Why Polen Capital expect mid to high-teens EPS growth from Mastercard

Mastercard (NYSE:MA) is the second largest processor of debit and credit transactions globally behind Visa. It has a market capitalisation of US$354 billion and is a top 10 holding in the Polen Capital Global Growth Fund.

Outside China, Visa and Mastercard are everywhere and operate a true global duopoly connecting consumers, banks and merchants, to facilitate safer, faster and more reliable commerce.

Importantly, Mastercard doesn’t consider itself a credit card company. In its 2020 annual report Mastercard described itself as a “technology company in the global payments industry.” Mastercard does not issue credit or lend money. The large majority of Mastercard’s revenue comes from fees paid by its customers, who are financial institutions.  Banks, for example, pay a fee to Mastercard to issue credit and debit cards with the Mastercard brand. Mastercard collects a small fee based on volume and number of transactions processed.

In 2018 – a normal pre-pandemic year –  Mastercard processed 74 billion transactions accounting for nearly US$6 trillion in gross dollar volume. The US represents 30 per cent of payment volumes, with the balance outside the US. Credit represents 51 per cent of payment volumes, with prepaid and debit representing the remaining 49 per cent.

There are over 2.5 billion Mastercard cards in use globally.

In 2020 net revenues was US$15.3 billion, this was a nine per cent decrease over the previous year, due to the global COVID-19 pandemic. The company’s 2018 sales however were nearly $15 billion, and have been growing at a mid-teens rate, driven by three factors:

  • personal consumer expenditure growth
  • the secular shift from cash to cheque to electronic/digital forms of payment
  • changes to pricing/market share.

In the company’s Q2 reporting in July 2021, net revenue increased 36 per cent or 31 per cent on a currency-neutral basis, which includes a 3-percentage point benefit from acquisitions with gross dollar volume up 33 per cent and purchase volume up 36 per cent.

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The company claims that globally, 85 per cent of personal consumer expenditure is still cash and cheque, although a large portion of that is in China and other emerging markets. Excluding China, that number is probably closer to 60 per cent. E-commerce is also a big growth driver, as cash and cheques aren’t common for online transactions.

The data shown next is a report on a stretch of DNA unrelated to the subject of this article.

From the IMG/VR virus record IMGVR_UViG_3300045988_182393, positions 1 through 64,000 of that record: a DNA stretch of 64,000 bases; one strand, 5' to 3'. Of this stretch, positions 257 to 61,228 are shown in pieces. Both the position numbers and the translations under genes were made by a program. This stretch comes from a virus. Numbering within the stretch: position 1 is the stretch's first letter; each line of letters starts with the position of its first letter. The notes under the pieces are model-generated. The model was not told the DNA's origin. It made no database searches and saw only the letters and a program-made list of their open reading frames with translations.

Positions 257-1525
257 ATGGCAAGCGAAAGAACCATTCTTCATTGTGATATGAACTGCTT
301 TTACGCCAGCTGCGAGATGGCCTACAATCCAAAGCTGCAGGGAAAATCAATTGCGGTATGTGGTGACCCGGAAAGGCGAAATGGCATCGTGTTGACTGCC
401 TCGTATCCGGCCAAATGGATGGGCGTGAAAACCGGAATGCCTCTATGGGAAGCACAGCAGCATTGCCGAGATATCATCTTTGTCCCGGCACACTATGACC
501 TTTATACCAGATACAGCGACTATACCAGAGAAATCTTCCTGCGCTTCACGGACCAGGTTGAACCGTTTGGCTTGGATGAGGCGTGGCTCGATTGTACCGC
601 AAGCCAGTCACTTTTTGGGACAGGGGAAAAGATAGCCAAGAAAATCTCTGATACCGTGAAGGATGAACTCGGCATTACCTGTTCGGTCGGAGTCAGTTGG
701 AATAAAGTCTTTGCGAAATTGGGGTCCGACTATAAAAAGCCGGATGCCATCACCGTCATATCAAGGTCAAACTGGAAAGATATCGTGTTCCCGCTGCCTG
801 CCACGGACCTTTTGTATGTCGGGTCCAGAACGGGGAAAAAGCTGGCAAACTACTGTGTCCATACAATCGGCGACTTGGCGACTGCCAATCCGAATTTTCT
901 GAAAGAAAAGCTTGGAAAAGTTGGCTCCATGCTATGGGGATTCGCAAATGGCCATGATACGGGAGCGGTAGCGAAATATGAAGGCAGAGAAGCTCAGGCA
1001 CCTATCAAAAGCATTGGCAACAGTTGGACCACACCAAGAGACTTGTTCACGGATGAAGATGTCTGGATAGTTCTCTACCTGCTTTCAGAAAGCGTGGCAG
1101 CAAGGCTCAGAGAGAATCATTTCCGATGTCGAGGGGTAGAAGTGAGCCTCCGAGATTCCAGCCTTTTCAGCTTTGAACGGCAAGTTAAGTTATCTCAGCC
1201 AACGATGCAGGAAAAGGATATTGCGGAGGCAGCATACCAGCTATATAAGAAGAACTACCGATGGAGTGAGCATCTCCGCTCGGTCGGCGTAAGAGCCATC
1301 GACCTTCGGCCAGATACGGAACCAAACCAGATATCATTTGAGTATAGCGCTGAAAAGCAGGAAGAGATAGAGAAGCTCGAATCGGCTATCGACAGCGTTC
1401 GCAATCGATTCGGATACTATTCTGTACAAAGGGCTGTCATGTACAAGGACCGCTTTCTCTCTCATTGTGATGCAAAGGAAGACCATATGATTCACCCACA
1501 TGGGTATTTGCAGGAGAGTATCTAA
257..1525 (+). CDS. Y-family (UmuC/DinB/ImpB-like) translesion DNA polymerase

While Visa and Mastercard both have an established Business2Business (B2B) segments through commercial cards, Mastercard’s 2016 acquisition of VocaLink has the potential to expand their addressable market in a meaningful way. For context, personal consumer expenditure, which captures the core opportunity, is estimated to be roughly US$45 trillion in volume, compared with US$120 trillion in B2B.

Visa and Mastercard aren’t able to capture the entire market but they’re targeting the segments within these higher volume markets that make the most strategic sense.

Mastercard’s operating margins are in the mid-50s(!), and management targets a minimum of 50 per cent over the long-term.

Over time, Polen Capital expect mid- to high-teens earnings per share (EPS) growth from Mastercard. The company breezes through Polen’s quality ‘Guardrails’ with low-teens organic revenue growth, 56 per cent operating margin, US$5.9 billion of free cash flow, Return on Equity of greater than 100 per cent and US$2.6 billion in net cash.

If you would like to learn more about the Polen Capital Global Growth Fund, visit the fund’s web page:

The Polen Capital Global Growth Fund owns shares in Mastercard. This article was prepared 27 August 2021 with the information we have today, and our view may change. It does not constitute formal advice or professional investment advice. If you wish to trade Mastercard you should seek financial advice.


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